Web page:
News / Asia

    Khmer Rouge Tribunal Moves Forward Without 2 Defendants

    In this photo released by the Extraordinary Chambers in the Courts of Cambodia, Nuon Chea listens to testimony during his trial at the U.N.-backed war crimes tribunal in Phnom Penh, March 20, 2012.
    In this photo released by the Extraordinary Chambers in the Courts of Cambodia, Nuon Chea listens to testimony during his trial at the U.N.-backed war crimes tribunal in Phnom Penh, March 20, 2012.
    Robert Carmichael
    The United Nations-backed tribunal investigating Cambodia's murderous Khmer Rouge movement was forced to cancel its hearings last week after two of the three defendants were taken to the hospital. The latest health scares have renewed fears about the case against the accused, all of whom are in their 80s.

    Eighty-six-year-old Nuon Chea was taken to a Phnom Penh hospital January 13 after he collapsed at the tribunal’s detention facility. Nuon Chea, who is regarded as the Khmer Rouge’s chief ideologue, is being treated for acute bronchitis.

    Former Khmer Rouge Nuon Chea, former President Khieu Samphan and former FM Ieng Sary (L-R) attend their trial at the Extraordinary Chambers in the Courts of Cambodia (ECCC), November 21, 2011.Former Khmer Rouge Nuon Chea, former President Khieu Samphan and former FM Ieng Sary (L-R) attend their trial at the Extraordinary Chambers in the Courts of Cambodia (ECCC), November 21, 2011.
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    Former Khmer Rouge Nuon Chea, former President Khieu Samphan and former FM Ieng Sary (L-R) attend their trial at the Extraordinary Chambers in the Courts of Cambodia (ECCC), November 21, 2011.
    Former Khmer Rouge Nuon Chea, former President Khieu Samphan and former FM Ieng Sary (L-R) attend their trial at the Extraordinary Chambers in the Courts of Cambodia (ECCC), November 21, 2011.
    Three days later, the former head of state, Khieu Samphan, who at 81 is the youngest defendant, was taken to the same hospital suffering from fatigue and shortness of breath.  

    Both men have waived their right to be present in court. In their absence, the tribunal is hearing arguments about which documents the prosecution and the defense wish to introduce as evidence.

    On Monday, the court asked Nuon Chea’s international defense lawyer, Victor Koppe, for an update on the condition of his client.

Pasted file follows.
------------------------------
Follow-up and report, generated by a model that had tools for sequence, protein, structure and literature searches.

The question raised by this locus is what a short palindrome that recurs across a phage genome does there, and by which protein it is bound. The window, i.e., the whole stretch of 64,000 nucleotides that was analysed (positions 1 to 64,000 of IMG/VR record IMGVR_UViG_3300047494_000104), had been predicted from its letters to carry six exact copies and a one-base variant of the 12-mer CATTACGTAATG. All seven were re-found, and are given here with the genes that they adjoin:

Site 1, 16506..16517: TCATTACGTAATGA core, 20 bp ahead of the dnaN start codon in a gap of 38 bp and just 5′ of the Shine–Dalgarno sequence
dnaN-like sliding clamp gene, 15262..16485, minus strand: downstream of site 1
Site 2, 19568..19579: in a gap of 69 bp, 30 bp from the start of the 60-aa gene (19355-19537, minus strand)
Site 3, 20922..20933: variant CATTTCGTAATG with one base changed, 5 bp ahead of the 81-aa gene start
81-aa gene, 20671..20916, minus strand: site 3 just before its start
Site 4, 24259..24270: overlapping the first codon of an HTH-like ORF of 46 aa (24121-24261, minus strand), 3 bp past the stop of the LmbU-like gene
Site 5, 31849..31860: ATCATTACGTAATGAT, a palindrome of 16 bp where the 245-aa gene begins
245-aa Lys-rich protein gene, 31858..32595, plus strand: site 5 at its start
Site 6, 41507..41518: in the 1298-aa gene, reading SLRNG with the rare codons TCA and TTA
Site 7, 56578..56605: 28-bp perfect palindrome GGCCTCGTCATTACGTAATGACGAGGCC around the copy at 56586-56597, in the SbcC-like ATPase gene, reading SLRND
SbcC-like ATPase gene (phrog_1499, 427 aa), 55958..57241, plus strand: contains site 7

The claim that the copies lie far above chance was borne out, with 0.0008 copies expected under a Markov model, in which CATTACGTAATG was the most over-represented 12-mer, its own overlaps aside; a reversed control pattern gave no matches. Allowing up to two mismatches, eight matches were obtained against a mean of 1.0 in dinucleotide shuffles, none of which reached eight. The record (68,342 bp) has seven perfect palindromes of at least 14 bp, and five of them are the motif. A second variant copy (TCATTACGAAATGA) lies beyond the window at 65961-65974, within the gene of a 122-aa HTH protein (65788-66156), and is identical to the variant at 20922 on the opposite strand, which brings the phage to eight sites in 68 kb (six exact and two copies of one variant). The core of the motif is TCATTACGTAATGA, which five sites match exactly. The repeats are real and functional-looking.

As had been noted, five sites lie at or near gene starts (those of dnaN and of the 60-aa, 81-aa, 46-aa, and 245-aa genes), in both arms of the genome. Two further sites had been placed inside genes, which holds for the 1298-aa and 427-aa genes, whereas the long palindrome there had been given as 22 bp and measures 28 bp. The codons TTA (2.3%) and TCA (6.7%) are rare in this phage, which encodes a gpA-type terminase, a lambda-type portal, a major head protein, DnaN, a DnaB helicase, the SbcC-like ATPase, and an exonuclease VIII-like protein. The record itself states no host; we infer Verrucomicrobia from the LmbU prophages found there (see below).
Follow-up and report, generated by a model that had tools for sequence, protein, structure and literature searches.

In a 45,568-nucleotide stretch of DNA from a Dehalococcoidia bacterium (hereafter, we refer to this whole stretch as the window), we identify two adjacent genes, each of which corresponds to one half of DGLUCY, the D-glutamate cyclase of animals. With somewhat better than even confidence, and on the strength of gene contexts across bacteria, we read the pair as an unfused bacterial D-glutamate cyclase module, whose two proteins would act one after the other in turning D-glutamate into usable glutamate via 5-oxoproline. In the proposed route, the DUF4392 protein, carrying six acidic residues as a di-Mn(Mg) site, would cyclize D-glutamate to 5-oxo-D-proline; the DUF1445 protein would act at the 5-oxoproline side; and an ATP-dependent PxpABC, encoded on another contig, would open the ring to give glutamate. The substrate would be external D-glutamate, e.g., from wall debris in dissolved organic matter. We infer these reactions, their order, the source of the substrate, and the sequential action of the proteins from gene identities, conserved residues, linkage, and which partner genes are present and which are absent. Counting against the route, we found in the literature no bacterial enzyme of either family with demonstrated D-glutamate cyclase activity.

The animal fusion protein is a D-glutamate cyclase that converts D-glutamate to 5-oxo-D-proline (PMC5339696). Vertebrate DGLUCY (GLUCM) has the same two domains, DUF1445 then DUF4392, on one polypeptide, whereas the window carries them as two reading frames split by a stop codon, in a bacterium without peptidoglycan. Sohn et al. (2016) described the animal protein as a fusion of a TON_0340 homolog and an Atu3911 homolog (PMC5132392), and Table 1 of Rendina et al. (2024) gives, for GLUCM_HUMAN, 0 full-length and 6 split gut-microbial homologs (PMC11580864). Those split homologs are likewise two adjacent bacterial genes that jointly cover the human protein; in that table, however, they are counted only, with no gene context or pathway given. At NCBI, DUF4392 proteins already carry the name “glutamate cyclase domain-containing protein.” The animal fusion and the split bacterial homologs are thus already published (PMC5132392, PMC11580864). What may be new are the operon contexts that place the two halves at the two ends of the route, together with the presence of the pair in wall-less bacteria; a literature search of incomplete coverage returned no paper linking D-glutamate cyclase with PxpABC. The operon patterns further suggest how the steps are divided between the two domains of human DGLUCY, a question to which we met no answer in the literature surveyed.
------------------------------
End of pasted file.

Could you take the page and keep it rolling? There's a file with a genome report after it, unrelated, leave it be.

“The health situation is deteriorating though - so that’s troublesome - but there’s no change in respect to the waiver issue," he said.

    The third defendant, former foreign minister Ieng Sary, who is 87, remains at the detention facility. Ieng Sary is widely seen as the most frail of the accused.

    The age of the three has long been a major concern, and January’s health scares have reignited fears that one or more of the men might die during trial.

    Anne Heindel, a legal adviser with the Documentation Center of Cambodia, the country’s leading genocide research organization, said, "Well, this is of major significance because all three accused are elderly and have health concerns, and there are only three accused in this trial and now two are in the hospital.”

    The three are the surviving leaders of the Khmer Rouge, the Communist movement headed by Pol Pot that ruled Cambodia between 1975 and 1979. In that time an estimated two  million people - or one in four Cambodians - died from execution, starvation, illness or overwork.

    Heindel says the trial represents the only chance to hold the leadership of the Khmer Rouge to account.

    "However, the fewer accused that you have and the less crimes that are discussed during a trial, and certainly if judgment’s never reached, then the opportunity to tell a story about crimes during a particular period gets smaller and smaller," she said.

    The case against the ex-leaders already has lost one defendant. Late last year, 80-year-old Ieng Thirith, the former social affairs minister, was ruled mentally unfit to stand trial. She is believed to have Alzheimer’s disease.

    The defendants all deny charges of genocide, war crimes and crimes against humanity. Given the complexity of the case, the age of the defendants and their health, the tribunal divided it into a series of smaller trials to run consecutively.

    That means in theory the court could hand down judgments as it proceeds. In so doing, it would reduce the risk that one or more of the defendants died without a ruling being issued - as happened at the trial of the former Serbian president Slobodan Milosevic. Defendants who die before judgment is rendered cannot be convicted.

    The first mini-trial, which is ongoing, got under way in late 2011. It is examining the alleged crimes against humanity in the forced movement of people in 1975 during which the prosecution says thousands died.

    Other crimes on the charge sheet - including genocide, war crimes, collectivization, forced labor camps and slavery - are meant to be tackled in the subsequent mini-trials.

    Heindel says it looks increasingly likely that this first mini-trial will take the rest of the year. Few observers believe the second, third or fourth mini-trials ever will be heard.

    "It’s extraordinarily unlikely - and has been seen as unlikely even before these recent health concerns were raised - that there would be additional trials. So it’s looking more and more remote that these accused will ever be prosecuted for some of the most pressing crimes of that era - meaning those that survivors remember and feel the most distressed about," said Heindel.

    This month’s health scares have highlighted a pressing question: whether all three defendants will even live long enough to hear judgment handed down in their first mini-trial.

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